A comparative analysis of all the previous thermal comfort studies done in South East Asia made and concluded that people living in the warm and humid tropical countries prefer similar neutral temperatures around 25-30°C. In comparison to ASHRAE standard 55 and ISO standard (ISO, 1994, ASHRAE, 2004) recommended temperature of 23-26°C, these figures are 2-4°C higher. Over all, a summary of the neutral temperatures and comfort ranges of subjects in the hot-humid regions is shown in Table 2.1.

28.6oC has been taken as an upper limit of the comfort temperature for this research evaluation based on the following criteria:

 The previous thermal comfort studies in general and in residential building in particular (Refer to Table 2.1) especially in Malaysian climate.

 The calculation method of the thermal comfort zone for Georgetown climate based on mathematical equation showed in appendix B.

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Table ‎2.1 Thermal comfort research for naturally ventilated buildings and air-conditioned buildings in Malaysia and the South East Asia Region

Researcher & Year

Published Location Type of Building

Type of Study

No. of

Subjects RH% Temp. of Comfort (°C) (Webb, 1952)

Singapore

Field Study 16 26.2

(Ellis, 1952a) Field Study 5211 26.1-30.0 NV

(Ellis, 1953) Field Study 118 22-25.5 A/C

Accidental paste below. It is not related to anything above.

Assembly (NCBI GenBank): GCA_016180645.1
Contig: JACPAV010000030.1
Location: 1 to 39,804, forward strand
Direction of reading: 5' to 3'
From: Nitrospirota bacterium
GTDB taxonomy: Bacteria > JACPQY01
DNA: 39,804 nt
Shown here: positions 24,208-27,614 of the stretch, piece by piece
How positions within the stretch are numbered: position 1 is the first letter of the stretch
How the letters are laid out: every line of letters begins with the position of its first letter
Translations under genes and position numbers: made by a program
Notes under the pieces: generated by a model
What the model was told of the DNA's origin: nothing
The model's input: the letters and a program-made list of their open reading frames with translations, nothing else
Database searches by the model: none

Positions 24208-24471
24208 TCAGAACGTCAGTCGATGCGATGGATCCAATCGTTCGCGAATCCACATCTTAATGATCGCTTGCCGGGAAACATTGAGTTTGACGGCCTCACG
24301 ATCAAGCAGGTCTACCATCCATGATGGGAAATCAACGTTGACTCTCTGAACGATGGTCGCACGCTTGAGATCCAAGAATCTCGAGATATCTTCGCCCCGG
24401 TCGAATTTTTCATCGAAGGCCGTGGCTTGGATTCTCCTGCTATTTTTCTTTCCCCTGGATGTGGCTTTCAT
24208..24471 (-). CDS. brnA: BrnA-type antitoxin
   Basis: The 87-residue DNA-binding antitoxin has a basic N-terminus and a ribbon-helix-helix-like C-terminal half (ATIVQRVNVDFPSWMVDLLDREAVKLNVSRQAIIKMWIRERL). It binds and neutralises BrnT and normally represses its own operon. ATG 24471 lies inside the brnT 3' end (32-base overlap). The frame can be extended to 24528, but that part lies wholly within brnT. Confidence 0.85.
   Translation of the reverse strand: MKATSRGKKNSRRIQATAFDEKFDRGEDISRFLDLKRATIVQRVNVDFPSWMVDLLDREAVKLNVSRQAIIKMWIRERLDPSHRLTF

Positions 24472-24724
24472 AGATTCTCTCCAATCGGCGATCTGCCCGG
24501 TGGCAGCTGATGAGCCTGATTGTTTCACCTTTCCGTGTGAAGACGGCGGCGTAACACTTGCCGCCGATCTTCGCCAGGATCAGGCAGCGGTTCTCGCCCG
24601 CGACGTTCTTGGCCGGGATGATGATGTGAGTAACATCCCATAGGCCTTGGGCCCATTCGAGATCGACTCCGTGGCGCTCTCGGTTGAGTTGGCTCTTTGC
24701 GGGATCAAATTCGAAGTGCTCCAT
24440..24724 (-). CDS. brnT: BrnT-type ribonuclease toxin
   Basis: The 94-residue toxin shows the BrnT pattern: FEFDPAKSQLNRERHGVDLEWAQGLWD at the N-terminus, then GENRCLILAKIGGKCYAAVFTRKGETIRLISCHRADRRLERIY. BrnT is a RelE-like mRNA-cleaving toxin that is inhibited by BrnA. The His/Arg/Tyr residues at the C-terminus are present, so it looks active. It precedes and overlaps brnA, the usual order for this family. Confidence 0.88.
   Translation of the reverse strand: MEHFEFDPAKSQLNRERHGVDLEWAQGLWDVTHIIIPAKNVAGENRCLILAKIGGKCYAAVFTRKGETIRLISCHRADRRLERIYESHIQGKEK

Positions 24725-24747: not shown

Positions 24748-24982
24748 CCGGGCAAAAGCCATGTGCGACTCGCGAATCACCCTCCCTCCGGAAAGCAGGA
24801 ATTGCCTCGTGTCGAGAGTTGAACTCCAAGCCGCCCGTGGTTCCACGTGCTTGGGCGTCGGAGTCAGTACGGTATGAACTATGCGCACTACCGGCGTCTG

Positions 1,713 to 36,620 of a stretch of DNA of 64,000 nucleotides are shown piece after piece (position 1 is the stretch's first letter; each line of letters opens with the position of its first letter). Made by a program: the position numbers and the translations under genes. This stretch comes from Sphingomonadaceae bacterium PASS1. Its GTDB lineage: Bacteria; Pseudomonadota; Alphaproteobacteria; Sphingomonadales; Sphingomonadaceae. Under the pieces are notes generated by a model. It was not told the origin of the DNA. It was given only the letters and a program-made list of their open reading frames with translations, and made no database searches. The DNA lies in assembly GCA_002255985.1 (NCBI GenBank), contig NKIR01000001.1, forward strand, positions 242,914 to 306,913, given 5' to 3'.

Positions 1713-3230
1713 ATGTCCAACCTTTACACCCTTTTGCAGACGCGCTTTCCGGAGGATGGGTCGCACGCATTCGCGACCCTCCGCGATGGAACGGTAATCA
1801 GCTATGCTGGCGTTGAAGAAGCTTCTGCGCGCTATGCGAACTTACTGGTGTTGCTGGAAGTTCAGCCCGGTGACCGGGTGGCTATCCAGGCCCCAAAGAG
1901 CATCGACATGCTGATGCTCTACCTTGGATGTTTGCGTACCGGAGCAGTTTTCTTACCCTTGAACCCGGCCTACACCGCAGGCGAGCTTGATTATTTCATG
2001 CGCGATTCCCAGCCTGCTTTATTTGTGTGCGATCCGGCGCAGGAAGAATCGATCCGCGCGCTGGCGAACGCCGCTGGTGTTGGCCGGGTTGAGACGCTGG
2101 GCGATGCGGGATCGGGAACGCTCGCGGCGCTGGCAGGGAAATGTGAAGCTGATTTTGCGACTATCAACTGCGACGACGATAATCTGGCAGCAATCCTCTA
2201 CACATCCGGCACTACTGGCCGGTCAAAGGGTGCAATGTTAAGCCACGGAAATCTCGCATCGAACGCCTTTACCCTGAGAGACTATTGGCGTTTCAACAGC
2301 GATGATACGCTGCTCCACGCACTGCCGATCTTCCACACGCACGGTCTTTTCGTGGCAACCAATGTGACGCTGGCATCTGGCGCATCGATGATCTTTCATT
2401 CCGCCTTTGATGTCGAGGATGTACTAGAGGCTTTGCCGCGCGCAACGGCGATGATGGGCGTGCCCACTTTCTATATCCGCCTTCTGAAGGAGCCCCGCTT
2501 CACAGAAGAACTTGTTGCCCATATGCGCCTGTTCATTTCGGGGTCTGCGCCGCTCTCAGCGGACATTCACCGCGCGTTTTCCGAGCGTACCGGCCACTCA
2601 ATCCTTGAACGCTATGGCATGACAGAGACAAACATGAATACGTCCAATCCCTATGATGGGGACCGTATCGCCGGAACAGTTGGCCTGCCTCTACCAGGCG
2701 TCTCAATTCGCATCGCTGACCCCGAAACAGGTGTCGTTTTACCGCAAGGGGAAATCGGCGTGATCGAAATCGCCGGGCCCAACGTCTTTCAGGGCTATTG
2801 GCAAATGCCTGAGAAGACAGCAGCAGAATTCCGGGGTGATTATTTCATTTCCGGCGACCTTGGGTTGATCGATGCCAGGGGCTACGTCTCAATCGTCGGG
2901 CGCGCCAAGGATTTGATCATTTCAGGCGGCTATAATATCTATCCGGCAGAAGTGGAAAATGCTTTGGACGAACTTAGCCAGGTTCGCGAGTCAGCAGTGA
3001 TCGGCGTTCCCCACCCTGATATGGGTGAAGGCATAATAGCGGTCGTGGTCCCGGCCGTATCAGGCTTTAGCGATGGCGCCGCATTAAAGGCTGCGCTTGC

(De Dear et al., 1991a) Thermal

Chamber 32 25.4 A/C

(De Dear et al., 1991b) Thermal

Chamber 98 35 27.6 NV

(De Dear et al., 1991c) High-Rise

Resdi Field Study 583 28.5 NV

(Wong et al., 2002) High-Rise

Resdi 28.9

(Salleh, 1989)

Malaysia

terrace

housing 26.1

(Zainal and Keong,

1996) Factory 33

(Zain et al., 2007) Residential 23.69 - 28.69

(Abdul Shukor and Young, 1993)

Penang ,

Malaysia Residential 50 28.2

(Zainal and Keong, 1996)

Johor Baru,

Malaysia Factory 18-75 26

(Abdul Rahman and Kannan, 1997)

Shah Alam,

Malaysia Classrooms 54 -76 27.4

(Sabarinah and Steven, 2007)

Kuala Lumpur

Medium-Rise Resdi 23.6-28.6

(Sh. Ahmad and Ibrahim, 2003)

Shah Alam,

Malaysia Classrooms 27.6

(Sabarinah, 2005) klang valley

Malaysia Residential 26.1

(Busch, 1992) Bankok,

Thailand Offices Field Study 1100 28.5 ET(NV2)

27.4 ET*

(Khedari et al., 2000) Thailand Classrooms 70-80

27.2 at 0.2 m/s 28.3 at 0.5 m/s 30.3 at 1.0 m/s 31.2 at 1.5 m/s (Santosa, 1986)

Indonesia

Residential 27.4

(Karyono, 2000) Field Study 596 26.7 to (NV+AC)

In document IMPACT OF BUILDING ENVELOPE MODIFICATIONS ON THE THERMAL PERFORMANCE OF GLAZED HIGH-RISE (halaman 41-46)